Very Important Methods of Relaxing the Waist

In classic Tai Chi literature, there are many discussions about relaxing the waist, such as “the waist drives the motion,” “the origin of movement is in the waist and spine turning through the hips and arms,” “deliberately pay attention to the waist,” and “the trick lies between the two kidneys at the life gate, which is the key pivot for the upper and lower body.”

In Yang-style Tai Chi, relaxing the waist is emphasized as a crucial point: “The waist is the master of the whole body. Only when the waist is relaxed, then the feet are powerful, and the lower stance is stable. Changes between solidity and emptiness all come from the turning of the waist, thus it’s said that the source of command is in the space of the waist. Any lack of strength must be sought in the waist and legs.”

This shows that to practice Tai Chi well, one must place high importance on “relaxing the waist.” In other words, only by relaxing the waist can one truly enter the highest realm of Tai Chi.

Through training, the waist can become as flexible as a spring, agile as a willow, and smooth as a river. If so, the function of the kidneys is enhanced, the person’s vitality is vigorous, and the waist can fully perform its function of governing the body’s movements, thereby achieving the true Tai Chi movement of “strength originating from the feet, controlled by the waist, and expressed through the limbs” where “Qi flows through the body without obstruction.”

There are at least 7 methods for relaxing the waist in Tai Chi, and this article will introduce 3 of them:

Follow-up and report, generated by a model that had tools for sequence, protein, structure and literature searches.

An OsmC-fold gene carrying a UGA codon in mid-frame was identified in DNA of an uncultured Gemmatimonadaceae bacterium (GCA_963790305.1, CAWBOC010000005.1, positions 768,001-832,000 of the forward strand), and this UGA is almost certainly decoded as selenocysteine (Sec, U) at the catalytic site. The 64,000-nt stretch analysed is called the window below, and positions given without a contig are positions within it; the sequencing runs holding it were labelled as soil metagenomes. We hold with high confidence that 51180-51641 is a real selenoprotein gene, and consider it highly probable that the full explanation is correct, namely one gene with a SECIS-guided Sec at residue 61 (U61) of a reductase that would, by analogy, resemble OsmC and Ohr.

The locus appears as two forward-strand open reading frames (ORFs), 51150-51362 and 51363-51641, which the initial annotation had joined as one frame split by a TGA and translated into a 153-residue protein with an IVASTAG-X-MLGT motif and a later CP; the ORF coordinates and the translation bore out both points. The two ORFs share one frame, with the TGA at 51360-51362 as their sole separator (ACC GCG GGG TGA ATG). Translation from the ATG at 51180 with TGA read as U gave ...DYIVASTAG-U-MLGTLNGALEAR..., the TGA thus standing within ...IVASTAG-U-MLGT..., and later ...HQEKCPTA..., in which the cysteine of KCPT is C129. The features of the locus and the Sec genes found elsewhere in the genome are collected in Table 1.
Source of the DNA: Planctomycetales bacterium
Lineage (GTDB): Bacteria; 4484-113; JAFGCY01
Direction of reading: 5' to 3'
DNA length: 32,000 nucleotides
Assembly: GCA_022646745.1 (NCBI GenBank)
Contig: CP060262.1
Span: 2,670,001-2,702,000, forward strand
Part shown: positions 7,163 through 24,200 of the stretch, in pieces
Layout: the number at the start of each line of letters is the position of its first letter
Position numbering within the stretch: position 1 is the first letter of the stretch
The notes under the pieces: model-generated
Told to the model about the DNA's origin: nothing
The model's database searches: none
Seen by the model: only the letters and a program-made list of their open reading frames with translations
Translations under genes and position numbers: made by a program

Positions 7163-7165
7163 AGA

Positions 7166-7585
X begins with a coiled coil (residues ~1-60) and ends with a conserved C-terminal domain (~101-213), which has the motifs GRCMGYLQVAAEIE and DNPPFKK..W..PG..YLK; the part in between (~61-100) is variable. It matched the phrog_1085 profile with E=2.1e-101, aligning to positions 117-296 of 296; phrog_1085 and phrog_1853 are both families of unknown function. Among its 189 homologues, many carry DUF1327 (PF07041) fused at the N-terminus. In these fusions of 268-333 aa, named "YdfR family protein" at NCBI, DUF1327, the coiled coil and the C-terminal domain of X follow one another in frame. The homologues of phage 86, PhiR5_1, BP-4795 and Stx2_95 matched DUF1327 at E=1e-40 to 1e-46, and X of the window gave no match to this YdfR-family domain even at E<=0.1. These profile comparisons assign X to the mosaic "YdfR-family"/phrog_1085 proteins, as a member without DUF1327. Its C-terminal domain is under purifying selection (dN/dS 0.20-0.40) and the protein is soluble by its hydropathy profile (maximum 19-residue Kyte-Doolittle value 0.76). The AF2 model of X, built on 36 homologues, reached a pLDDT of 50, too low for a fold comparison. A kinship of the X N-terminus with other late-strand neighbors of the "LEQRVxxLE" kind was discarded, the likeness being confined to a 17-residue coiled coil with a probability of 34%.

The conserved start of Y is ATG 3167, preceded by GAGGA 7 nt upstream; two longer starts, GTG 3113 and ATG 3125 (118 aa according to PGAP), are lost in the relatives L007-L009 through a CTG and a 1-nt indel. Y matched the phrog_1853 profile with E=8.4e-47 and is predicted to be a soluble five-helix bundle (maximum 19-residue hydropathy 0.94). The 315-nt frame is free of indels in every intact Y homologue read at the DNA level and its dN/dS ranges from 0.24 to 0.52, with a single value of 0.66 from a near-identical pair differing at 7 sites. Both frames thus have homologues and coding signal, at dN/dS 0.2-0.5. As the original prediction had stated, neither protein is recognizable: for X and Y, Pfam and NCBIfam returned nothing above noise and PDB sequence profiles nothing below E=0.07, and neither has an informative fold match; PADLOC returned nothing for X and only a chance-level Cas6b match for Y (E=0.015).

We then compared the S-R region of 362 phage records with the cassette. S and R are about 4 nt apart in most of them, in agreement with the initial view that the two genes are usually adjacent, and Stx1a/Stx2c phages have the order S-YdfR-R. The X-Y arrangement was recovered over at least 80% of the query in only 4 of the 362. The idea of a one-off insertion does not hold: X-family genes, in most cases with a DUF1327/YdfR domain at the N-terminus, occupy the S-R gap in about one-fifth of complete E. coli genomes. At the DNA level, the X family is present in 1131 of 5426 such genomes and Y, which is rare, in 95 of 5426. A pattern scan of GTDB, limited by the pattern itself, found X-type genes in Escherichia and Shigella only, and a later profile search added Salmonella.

**First Method of Relaxing the Waist: Squatting Up and Down**

The Squatting Up and Down method (also known as Wall-squatting) is a key part of making the Tai Chi form penetrate the body and is a secret skill for training the agile strength of the upper body. Squatting up and down is a full-body uniform exercise and a convenient way to maintain a good mental and physical state. The most basic posture is simply to squat.

It seems simple, but the entire process of the movement includes the transformation from Wuji (the action of standing or squatting down) to Taiji (the action of squatting and rising).

**Basic action:** Stand facing a wall, feet together, body centered and relaxed, perineum lifted, toes touching the base of the wall, shoulders rolled forward, chest hollowed and abdomen tucked in, squat down by pushing the waist back. When squatting, the head should not lean back or tilt; after fully squatting, rise slowly. Repeat this several times. While squatting, think of the Yongquan point on the sole of the foot, focusing on relaxing the whole body, pushing the waist back, allowing the spine to relax segment by segment: when rising, lead with the Baihui point or first think of the blue sky, then gradually straighten and stretch the spine.

**Special note:** When starting out, many people cannot meet these requirements; adjust foot position and distance according to your own body condition. The toes can initially be away from the wall, as far as you can manage to squat down. For older or less mobile individuals, place the toes away from the wall and feet apart to reduce difficulty, or even use supports like trees, bed frames, or door handles to assist in squatting. Initially, the movements don’t have to be perfect; the key is to persist. Younger people should try to squat in the standard posture as much as possible. When you start, you might fall backward before squatting down; in such cases, concentrate intensely and use the intention of “must succeed.” After some time of training, as the spine and waist relax, you will be able to squat and rise smoothly, and then you can perform the exercise as required—feet together, toes against the wall, completing squatting and rising movements, with 30 squats in a set, at least one set per day, the more the better.